Step forward into a lunge, pause, and then take another step forward into another lunge and repeat. Start with 6-12 slow controlled steps. “It’s normal to be sore after starting these, but once you’re away you can build up to sets of 50 brisk ones and more. Remember, you just need to do enough to make a difference… You can do them with just bodyweight or with dumbbells held at arms’ length too.”
“For a DIY version of the walking lunge – as I described previously, you could add a loaded rucksack to the back or front of your torso – or hold a loaded rucksack above your head with straight arms or even hold a lighter pack in front of you adding a twist to each side with every lunge,” says Mouncey.
Do walking lunges backwards and forwards.
 Deadlift into Farmer’s Walk
The deadlift strengthens the entire back, core muscles (so glutes and the abdominal region too) the hips and the hamstrings. To perform the exercise stand with your feet shoulder-width apart behind a weights bar. Take hold of it with an evenly spaced knuckles on top grip. You will be leaning forward from the hips.
Keeping your arms long and your back flat pivot backwards from the hips to start the exercise. Do not squat the bar from the floor. You are using your glutes, lower back and hamstrings to power the lift. Raise the bar until your torso is upright. Pause and then return the bar slowly to the floor.
“Deadlifts are great, because they take you from a forward bending position to an upright position,” says Mouncey, “thus strengthening those posterior muscles that have to combat the forward pull of gravity a consequence of our modern lifestyles and age.”
You can also perform this exercise with a sand filled sack or with dumbbells in each hand – and there are also single leg variations.
For the Farmer’s Life perform a deadlift using dumbbells held at arms’ length. Once upright, walk as fast as you can over a short distance, staying as upright at possible.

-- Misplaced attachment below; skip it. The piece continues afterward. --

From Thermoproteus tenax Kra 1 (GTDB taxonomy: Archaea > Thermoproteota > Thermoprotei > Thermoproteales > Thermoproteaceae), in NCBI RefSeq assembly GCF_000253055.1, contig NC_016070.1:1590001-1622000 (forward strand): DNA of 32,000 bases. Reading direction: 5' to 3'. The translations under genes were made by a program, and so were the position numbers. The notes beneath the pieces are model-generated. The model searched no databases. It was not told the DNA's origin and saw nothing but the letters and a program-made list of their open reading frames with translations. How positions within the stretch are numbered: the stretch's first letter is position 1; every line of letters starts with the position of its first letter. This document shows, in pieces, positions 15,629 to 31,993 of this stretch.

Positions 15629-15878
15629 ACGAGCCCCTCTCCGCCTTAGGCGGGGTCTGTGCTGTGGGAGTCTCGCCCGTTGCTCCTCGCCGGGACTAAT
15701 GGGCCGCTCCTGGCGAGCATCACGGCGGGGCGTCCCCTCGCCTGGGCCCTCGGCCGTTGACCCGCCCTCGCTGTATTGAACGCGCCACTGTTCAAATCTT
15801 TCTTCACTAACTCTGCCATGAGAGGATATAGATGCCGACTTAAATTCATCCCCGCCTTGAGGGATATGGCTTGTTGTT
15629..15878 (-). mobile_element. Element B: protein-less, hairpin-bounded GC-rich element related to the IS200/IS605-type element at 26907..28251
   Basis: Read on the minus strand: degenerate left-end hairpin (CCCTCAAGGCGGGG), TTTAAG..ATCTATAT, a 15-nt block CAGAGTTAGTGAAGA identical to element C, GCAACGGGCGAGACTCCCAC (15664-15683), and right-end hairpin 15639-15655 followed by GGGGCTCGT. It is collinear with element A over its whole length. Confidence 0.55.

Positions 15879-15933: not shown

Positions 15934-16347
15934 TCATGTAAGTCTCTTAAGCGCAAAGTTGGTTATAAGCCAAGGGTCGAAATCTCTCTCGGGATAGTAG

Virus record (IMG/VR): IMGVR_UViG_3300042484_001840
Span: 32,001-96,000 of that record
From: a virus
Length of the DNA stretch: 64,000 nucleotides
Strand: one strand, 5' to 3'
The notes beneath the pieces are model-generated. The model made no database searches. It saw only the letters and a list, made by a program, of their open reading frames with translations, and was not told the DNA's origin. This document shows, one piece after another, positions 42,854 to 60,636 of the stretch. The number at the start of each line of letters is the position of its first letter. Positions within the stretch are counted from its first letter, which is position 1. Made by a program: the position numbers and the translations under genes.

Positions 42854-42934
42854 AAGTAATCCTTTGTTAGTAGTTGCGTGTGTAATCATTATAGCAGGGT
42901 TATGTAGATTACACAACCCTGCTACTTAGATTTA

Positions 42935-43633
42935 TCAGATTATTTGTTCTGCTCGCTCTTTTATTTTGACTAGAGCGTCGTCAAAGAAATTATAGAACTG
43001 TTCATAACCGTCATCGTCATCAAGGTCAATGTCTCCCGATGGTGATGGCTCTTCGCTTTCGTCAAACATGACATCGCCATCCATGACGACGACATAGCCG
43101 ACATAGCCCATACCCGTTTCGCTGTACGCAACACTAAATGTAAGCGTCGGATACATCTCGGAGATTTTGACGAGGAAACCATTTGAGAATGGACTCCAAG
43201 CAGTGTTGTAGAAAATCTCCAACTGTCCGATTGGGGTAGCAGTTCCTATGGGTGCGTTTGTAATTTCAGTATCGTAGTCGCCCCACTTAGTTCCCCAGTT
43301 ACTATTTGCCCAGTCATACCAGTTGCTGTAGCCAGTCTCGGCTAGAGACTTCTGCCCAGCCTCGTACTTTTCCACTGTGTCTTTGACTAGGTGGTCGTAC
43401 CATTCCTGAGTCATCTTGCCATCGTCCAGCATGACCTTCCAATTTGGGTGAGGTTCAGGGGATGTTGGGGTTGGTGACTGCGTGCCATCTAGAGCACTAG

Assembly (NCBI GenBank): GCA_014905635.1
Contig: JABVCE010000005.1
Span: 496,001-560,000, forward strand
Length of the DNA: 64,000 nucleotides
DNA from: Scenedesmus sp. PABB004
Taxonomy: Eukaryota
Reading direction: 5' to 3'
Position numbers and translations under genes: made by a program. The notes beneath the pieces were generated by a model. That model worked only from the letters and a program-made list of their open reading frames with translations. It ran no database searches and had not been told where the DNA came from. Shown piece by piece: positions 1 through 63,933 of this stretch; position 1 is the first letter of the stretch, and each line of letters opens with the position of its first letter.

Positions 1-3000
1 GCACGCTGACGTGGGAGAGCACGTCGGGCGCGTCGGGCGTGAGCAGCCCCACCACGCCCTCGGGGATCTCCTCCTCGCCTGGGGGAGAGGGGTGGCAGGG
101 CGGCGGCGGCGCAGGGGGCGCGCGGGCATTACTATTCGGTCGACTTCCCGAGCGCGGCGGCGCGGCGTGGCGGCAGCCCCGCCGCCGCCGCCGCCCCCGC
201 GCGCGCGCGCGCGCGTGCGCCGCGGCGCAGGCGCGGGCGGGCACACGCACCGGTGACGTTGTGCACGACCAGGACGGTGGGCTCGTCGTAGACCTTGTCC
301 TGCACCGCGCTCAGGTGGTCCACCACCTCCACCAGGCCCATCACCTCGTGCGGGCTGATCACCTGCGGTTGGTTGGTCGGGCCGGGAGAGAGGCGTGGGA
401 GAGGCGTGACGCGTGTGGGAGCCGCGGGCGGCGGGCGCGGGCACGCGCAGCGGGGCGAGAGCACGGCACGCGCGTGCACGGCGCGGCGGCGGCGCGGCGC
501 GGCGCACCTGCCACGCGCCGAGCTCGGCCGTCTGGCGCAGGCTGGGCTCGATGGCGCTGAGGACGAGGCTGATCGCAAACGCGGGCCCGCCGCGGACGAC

“You get two bangs for your buck with this combination,” says Mouncey. “With the deadlift you’re going from a forward bend to fully extended and for the farmer’s walk you have to stay upright and you have to have core strength or you turn into a blancmange!”
“Start with a weight you’re comfortable with, and do no more than 8-12 paces at a time, 2-3 reps. Again, it’ll take just five minutes at the end of a run or before it, 3-4 times a week to start to get the benefits.”
“With these exercises and others work in bite-sized chunks,” recommends Mouncey. “Start easy, with no loading to get the form and movement right and build your confidence. Ideally, get expert instruction as outlined previously. Also consider using reflection, so glass doors, mirrors, or someone else to give you feedback.” You want to initially embed the movement. “Getting confident takes practise and needs feedback, so that you’re safe when weight and/or the speed of movement goes up. Little and often is good at first, which could be five minutes at end of a run, 3-4 times a week.”
“With the above exercises, particularly the lunge, you can expect soreness. Soreness is just the body saying “Yelp – we’ve not done this before!” Some soreness should be expected and welcomed. But if you’ve taken it to a point where you can’t sit without wincing you’ve over done it, especially in the early stages. Even when competent you can get sore, when variables are changed, such as the amount of weight lifted.”
“Any time you put your body in an extended position and add load or shock, you’re asking muscles to do a big job. If you’ve overdone it the default setting should always be PRICE (Protection, Rest, Ice, Compression, Elevation).”
However, the good news is that your body will develop a resilience which will last over time as long as you keep strength training relatively regularly i.e. 1-2 times a week and progress gradually. Your running will thank you as you become less injury prone, better able to handle the hilly stuff and stay efficient while putting one foot in front of the other – relentlessly.
Mouncey is an accredited conditioning coach, personal trainer and author of So You Want to Run An Ultra